Assessing Roadside Bias and Detectability in Grassland Bird Surveys

Assessing Roadside Bias and Detectability in Grassland Bird Surveys

A potential downside of roadside surveys is that results may not be representative of areas far from roads.  The North American Breeding Bird Survey (BBS) is the primary source of information on grassland bird population size and trends, but how two critical assumptions (roadside bias, detectability) of the BBS apply to grassland birds in the Northern Plains is poorly known.  Project objectives are to assess occurrence and detection of grassland birds in relation to roads as well as evaluate seasonal timing of surveys, both of which have been identified as critical information gaps.  The results will allow conservation partners to calibrate BBS results, better estimate population size, and guide population monitoring, which will improve inferences made from spatial models used to guide grassland bird conservation, as well as increase confidence in population data used in Endangered Species Act listing decisions.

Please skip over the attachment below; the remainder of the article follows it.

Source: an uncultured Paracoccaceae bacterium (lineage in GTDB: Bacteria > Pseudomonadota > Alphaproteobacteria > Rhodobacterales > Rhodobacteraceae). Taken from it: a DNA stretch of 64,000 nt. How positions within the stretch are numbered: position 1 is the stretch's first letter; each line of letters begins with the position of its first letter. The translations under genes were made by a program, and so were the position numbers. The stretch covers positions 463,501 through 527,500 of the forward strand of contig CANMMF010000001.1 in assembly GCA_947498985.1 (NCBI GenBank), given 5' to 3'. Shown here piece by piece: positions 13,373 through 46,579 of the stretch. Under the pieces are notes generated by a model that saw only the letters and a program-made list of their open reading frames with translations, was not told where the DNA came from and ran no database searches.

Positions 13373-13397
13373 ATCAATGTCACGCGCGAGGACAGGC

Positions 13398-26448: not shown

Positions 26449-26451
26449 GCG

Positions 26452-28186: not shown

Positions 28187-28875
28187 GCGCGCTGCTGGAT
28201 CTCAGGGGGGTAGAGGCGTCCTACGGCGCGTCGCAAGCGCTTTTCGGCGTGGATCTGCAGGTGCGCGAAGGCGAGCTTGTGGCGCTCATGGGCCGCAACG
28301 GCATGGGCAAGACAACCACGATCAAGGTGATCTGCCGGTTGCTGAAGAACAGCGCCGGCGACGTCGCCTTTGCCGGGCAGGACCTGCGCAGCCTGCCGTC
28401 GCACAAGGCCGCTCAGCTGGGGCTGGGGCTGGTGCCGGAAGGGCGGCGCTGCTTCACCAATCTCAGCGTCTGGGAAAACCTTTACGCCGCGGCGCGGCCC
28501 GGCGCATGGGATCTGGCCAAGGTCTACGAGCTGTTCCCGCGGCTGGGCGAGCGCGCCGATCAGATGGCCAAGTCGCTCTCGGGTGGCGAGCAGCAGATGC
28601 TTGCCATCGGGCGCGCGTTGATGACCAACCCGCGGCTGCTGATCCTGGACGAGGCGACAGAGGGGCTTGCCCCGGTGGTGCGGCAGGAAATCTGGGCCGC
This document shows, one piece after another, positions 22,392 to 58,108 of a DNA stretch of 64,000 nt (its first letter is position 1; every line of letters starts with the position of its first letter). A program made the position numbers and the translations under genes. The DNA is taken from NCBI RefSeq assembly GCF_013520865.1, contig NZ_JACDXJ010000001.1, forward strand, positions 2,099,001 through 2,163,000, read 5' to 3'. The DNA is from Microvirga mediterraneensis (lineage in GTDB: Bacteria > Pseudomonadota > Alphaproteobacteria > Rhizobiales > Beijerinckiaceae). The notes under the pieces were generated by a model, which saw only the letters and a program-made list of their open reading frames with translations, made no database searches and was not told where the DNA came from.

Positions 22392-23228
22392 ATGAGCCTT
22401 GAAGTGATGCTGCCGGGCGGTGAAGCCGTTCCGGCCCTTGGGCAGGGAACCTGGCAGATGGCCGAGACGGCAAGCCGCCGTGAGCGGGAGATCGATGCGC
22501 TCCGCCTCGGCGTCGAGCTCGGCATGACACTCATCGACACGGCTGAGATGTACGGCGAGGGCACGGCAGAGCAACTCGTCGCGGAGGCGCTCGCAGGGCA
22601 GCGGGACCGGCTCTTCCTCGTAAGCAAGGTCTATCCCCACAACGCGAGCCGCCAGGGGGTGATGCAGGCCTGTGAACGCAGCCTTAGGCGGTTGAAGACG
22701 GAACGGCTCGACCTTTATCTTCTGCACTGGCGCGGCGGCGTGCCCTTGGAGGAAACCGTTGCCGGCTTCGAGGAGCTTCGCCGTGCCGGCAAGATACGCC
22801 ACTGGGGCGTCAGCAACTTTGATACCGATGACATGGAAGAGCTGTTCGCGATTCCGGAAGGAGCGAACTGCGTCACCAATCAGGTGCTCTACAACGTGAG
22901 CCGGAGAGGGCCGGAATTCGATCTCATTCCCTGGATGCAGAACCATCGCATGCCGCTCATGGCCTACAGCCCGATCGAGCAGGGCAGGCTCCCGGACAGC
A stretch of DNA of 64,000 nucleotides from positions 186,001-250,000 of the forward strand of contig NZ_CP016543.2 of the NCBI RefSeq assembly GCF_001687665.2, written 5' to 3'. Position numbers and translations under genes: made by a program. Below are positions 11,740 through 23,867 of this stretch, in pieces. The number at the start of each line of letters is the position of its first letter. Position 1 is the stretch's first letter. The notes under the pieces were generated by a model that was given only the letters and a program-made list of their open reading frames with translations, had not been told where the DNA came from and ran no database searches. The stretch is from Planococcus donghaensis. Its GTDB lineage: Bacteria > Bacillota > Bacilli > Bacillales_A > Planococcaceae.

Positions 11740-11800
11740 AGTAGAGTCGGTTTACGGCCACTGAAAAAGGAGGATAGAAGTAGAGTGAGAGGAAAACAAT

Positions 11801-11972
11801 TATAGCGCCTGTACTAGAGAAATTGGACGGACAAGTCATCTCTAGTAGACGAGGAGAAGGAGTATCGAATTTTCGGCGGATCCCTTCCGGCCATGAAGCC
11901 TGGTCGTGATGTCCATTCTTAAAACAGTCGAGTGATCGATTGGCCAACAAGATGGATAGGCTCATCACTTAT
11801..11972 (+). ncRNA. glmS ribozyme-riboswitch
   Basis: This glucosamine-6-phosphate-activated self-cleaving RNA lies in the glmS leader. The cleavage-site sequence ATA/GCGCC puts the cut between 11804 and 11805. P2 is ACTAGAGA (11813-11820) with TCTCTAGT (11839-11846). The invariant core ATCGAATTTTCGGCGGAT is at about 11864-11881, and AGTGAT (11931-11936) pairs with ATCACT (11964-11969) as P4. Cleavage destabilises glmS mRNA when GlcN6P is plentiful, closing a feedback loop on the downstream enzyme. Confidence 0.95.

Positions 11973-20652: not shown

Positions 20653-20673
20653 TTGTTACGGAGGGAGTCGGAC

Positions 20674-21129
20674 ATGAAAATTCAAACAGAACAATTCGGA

Partners: USGS Northern Prairie Wildlife Research Center, USFWS Region 6 Inventory and Monitoring Program, HAPET office.